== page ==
tw@t off lead rein, perfect on lead rein?

Discussion in 'Horse Training' started by Lisa Dam, Oct 12, 2017.

  1. Lisa Dam

    Lisa Dam Registered

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    I have a coloured gelding, rising four, on my yard that I ride twice a week to keep his schooling up while he mostly does lead rein rest of the week.
    He was originally broken in to compete in working hunter, show jumping, xc and dressage. But plans didn't go to plan and he ended up being a lead rein pony for the time being.
    At first he was foot perfect, he was figuring out ground poles, how to extend his trot, pick the right leg up in his canter transition and all that fancy stuff.
    But as soon as he got a taste for lead rein, he'd turned into a complete devil. He now bucks, spins, rears and bolts off lead rein, won't accept a contact, doesn't want to go forward, then doesn't want to stop. Lead rein was quickly stopped because his owner thought it was a health issue. Backed was checked, saddle checked, his feet, he got a lame test and scoped for ulcers. Everything comes back fine. He's 100% okay to continue.

    So he's put back into work, he's still an arsehole off lead rein, decided to try him on lead rein with a teenager riding so if he acts up, she could sit and circle him. And he's back to being foot perfect, There isn't much difference in the work load, his still does walk, trot and canter on lead rein (his owner can somehow run to his canter)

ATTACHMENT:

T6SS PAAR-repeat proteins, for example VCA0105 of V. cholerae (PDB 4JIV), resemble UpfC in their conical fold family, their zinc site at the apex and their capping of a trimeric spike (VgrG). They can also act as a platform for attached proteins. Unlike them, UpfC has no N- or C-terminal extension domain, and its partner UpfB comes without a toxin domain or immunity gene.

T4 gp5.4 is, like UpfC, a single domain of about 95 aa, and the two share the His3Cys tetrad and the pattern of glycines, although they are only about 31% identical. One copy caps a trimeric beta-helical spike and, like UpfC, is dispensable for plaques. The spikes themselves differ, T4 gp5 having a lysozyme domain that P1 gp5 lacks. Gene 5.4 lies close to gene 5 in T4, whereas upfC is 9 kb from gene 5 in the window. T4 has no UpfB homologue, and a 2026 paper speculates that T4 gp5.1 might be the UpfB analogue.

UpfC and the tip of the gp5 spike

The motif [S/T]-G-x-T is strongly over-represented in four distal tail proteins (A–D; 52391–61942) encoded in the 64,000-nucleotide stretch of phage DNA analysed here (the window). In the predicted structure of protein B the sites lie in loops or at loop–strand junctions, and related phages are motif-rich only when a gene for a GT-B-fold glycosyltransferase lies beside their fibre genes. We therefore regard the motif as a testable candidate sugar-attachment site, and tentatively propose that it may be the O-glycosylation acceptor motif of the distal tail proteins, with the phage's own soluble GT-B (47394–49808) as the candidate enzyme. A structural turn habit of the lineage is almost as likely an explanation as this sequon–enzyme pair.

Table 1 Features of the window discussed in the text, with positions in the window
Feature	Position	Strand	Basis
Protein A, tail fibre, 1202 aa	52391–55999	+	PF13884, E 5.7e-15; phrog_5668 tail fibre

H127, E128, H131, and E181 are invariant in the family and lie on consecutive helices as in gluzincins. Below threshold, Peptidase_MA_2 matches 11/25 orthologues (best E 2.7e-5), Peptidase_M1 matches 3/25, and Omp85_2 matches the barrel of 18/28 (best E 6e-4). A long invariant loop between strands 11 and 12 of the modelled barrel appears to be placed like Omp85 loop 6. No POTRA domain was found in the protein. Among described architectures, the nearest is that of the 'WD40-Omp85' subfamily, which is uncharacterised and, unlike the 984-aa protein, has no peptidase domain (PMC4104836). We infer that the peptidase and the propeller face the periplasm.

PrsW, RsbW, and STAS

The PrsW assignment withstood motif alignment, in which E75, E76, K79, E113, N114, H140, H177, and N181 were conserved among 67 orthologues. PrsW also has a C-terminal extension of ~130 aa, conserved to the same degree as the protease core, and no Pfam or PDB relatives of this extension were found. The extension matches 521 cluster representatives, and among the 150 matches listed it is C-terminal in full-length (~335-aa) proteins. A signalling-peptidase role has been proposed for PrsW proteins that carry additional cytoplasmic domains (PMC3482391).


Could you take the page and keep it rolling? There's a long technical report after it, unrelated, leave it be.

Pony is 12.2hh so he isn't massive. But it's becoming a pain in the backside when I'm trying to school him.
    Is there any reason why this can happen?
     
  2. manesntails

    manesntails Senior Member

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    Usually it's because they know who they can act up with and who they can't.

    If he takes off with you, “Great idea~!! let's gallop~!!“and keep him going. If he wants to slow down, don't let him until you say so. But, you have to have room, not be riding in a ring. He wants to dictate what he does or doesn't get to do and if not immediately corrected, he gets an inch, he will take a yard.
     
  3. SoutherngirlBR

    SoutherngirlBR Full Member

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    He needs to be told no. He is acting up because you are letting him. He was fine for the teenager because she told him who was in control. Next time he acts up make him stop and if she tries to gallop off turn his nose to your knee and make him go in circles till he gives to your hand. This is just the horse knowing he's in control. He was fine when you got him because his old owners were the boss of him but when he figured out yalls game he knew how to play you.
     
  4. slc

    slc Senior Member

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    Punish behavior you don't want, immediately and significantly. Praise and reward behavior you like.
     
  5. Lisa Dam

    Lisa Dam Registered

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    He does the behaviour with anyone off lead rein, not just me, if the teenager rode him off lead rein he would of done what he does to everyone, Bolt, spin, buck and rear.
    I originally thought it was me and asked the owner to ride him, same thing happened to her.
     
  6. lucky_pine

    lucky_pine Senior Member

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    The advice everyone has given you still stands. He wants to act a fool, make him move and don't let him stop until you say so. Anyone who rides this pony needs to be on the same page and willing to shut down this behavior as soon as it starts.
     
    Arem likes this.

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